“Like all the rest, giving us impossibilities and calling them choices.”
Sixteen-year-old Deka lives in fear and anticipation of the blood ceremony that will determine whether she will become a member of her village. Already different from everyone else because of her unnatural intuition, Deka prays for red blood so she can finally feel like she belongs.
But on the day of the ceremony, her blood runs gold, the color of impurity—and Deka knows she will face a consequence worse than death.
Then a mysterious woman comes to her with a choice: stay in the village and submit to her fate, or leave to fight for the emperor in an army of girls just like her. They are called alaki—near-immortals with rare gifts. And they are the only ones who can stop the empire’s greatest threat.
Knowing the dangers that lie ahead yet yearning for acceptance, Deka decides to leave the only life she’s ever known. But as she journeys to the capital to train for the biggest battle of her life, she will discover that the great walled city holds many surprises. Nothing and no one are quite what they seem to be—not even Deka herself.
In the world of The Gilded Ones, your fate is determined by the color of your blood. On the day of the blood ceremony, if your blood runs red, you are pure, and safe to be married off to a boy in your village. And if your blood runs gold, the color of demons, you are impure and doomed to a swift end. On the day of her blood ceremony, Deka’s blood runs gold. But no matter how many times the members of her village try to kill her, she just won’t die her final death.
The entire purpose of the book from then on is trying to figure out why.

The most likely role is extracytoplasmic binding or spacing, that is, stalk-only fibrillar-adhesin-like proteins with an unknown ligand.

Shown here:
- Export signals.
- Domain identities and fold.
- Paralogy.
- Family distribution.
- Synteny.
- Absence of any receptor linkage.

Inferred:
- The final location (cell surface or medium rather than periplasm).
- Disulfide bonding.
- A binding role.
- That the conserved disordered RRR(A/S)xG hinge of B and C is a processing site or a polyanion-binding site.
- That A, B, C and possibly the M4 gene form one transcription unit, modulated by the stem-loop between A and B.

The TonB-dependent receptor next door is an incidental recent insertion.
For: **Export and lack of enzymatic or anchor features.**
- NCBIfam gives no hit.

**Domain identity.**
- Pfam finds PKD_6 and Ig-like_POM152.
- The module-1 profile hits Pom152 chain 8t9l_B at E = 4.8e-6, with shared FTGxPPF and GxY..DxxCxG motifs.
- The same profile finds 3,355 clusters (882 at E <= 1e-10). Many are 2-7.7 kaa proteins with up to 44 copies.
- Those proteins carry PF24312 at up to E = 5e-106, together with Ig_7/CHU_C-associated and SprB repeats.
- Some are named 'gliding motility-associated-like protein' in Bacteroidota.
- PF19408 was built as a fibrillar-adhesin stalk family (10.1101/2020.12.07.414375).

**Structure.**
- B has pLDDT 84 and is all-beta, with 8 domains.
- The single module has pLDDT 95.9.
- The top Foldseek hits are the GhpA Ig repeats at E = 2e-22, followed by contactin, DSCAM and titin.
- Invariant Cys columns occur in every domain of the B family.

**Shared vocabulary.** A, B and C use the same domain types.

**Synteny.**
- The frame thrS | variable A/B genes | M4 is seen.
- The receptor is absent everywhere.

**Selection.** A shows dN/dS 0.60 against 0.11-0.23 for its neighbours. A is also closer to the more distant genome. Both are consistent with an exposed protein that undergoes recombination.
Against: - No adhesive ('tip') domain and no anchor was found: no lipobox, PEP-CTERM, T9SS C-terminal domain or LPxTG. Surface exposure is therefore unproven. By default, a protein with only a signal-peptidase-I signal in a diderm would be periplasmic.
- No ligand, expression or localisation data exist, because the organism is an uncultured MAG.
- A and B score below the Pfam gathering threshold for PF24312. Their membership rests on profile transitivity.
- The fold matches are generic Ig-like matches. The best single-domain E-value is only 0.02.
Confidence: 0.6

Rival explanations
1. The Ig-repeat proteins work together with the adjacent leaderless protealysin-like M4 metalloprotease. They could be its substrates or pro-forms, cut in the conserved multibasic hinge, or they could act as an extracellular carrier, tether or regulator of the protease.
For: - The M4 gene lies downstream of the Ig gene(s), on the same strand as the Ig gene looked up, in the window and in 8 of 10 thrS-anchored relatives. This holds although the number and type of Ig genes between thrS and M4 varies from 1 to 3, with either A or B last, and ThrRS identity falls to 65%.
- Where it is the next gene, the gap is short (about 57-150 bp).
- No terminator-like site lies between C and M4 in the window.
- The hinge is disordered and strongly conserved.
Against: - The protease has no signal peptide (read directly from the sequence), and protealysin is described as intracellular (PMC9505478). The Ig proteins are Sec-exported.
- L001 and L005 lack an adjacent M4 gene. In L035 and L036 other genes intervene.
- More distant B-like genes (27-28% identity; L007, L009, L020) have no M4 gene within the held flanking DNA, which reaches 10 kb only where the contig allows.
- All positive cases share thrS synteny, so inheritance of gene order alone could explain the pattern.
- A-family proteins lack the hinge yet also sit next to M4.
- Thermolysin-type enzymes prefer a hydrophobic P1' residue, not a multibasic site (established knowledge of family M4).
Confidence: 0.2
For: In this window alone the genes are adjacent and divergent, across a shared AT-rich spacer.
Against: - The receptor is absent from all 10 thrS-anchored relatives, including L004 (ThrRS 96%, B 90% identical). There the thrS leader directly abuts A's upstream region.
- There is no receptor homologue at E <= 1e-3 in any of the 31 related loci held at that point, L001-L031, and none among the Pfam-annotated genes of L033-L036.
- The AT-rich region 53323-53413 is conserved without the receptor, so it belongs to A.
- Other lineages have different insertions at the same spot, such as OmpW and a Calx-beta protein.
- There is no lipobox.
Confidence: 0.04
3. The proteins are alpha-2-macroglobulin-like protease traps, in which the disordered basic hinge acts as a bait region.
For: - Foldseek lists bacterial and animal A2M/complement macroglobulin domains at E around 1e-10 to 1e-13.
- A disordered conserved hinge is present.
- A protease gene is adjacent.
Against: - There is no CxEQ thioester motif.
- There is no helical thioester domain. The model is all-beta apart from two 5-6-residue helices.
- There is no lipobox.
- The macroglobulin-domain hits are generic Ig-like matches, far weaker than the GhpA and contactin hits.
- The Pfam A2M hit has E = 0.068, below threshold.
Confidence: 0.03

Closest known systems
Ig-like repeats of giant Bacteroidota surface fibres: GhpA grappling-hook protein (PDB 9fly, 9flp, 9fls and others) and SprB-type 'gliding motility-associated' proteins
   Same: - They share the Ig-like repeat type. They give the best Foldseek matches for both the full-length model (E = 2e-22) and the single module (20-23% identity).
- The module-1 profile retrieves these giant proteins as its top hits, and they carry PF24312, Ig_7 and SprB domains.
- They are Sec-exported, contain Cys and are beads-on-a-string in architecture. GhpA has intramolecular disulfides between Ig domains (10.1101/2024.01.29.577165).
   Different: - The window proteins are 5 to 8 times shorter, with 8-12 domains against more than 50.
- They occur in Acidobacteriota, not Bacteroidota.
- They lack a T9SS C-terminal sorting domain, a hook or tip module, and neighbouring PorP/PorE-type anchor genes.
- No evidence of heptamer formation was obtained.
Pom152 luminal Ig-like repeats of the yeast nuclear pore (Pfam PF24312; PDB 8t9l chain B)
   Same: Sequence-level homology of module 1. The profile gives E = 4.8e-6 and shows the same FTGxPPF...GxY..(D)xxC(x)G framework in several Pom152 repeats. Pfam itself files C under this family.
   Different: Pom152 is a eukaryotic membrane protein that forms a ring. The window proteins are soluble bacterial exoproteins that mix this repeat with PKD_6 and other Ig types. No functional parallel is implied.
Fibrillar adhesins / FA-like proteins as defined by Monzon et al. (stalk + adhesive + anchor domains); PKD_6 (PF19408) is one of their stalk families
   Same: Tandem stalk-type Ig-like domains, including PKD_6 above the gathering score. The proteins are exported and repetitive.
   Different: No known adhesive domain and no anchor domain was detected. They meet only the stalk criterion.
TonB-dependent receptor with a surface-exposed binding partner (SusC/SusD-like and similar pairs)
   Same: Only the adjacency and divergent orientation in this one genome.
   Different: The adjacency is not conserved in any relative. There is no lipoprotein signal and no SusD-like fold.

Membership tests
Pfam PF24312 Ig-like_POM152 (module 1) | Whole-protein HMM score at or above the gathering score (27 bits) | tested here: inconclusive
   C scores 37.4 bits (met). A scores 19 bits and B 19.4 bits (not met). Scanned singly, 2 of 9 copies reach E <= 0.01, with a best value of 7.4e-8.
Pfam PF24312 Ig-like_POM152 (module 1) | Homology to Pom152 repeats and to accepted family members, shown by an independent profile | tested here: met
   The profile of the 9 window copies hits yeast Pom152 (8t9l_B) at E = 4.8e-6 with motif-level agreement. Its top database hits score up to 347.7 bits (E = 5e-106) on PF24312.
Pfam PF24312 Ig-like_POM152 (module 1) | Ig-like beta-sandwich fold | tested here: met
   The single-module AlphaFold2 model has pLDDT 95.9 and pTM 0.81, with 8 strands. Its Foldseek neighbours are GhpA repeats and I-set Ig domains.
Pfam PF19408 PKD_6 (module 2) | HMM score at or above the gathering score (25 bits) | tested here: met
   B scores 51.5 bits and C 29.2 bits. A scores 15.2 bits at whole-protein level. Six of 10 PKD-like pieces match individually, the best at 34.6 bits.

I enjoyed the concept of the blood ritual and I think it is symbolic of the way society attempts to tame girls in real life. There are obvious themes that this book holds of feminism, critique of a patriarchal and tyrannical society and Emperor, the perpetual shaming of women for expressing their sexuality, and more.
In all, this book was fun to read for me in the sense that it catered to some of my favorite tropes in YA fiction. Besides that though, I unfortunately have more to say about what I did not like about this book.
One of the most important things to me in YA fiction is the ability for me to connect with the world that the story takes place in and the characters that the story focuses on. Much to my dismay, I found myself unable to do either of those things with The Gilded Ones. I did not feel completely encapsulated by the world as I usually do for books with strong world-building. While this book does feature complex societal structuring (i.e. different lands/societies), traversing it through Deka’s eyes felt rather lackluster and I found myself unable to picture a lot of what was happening around her. A large amount of page space is dedicated to narrating her inner anxious thoughts about what was coming instead of painting a mental image of the setting for the reader. (Granted, we do get a grandiose description of the Emperor’s Palace when she arrives there, but the world-building for the rest of the book largely goes neglected).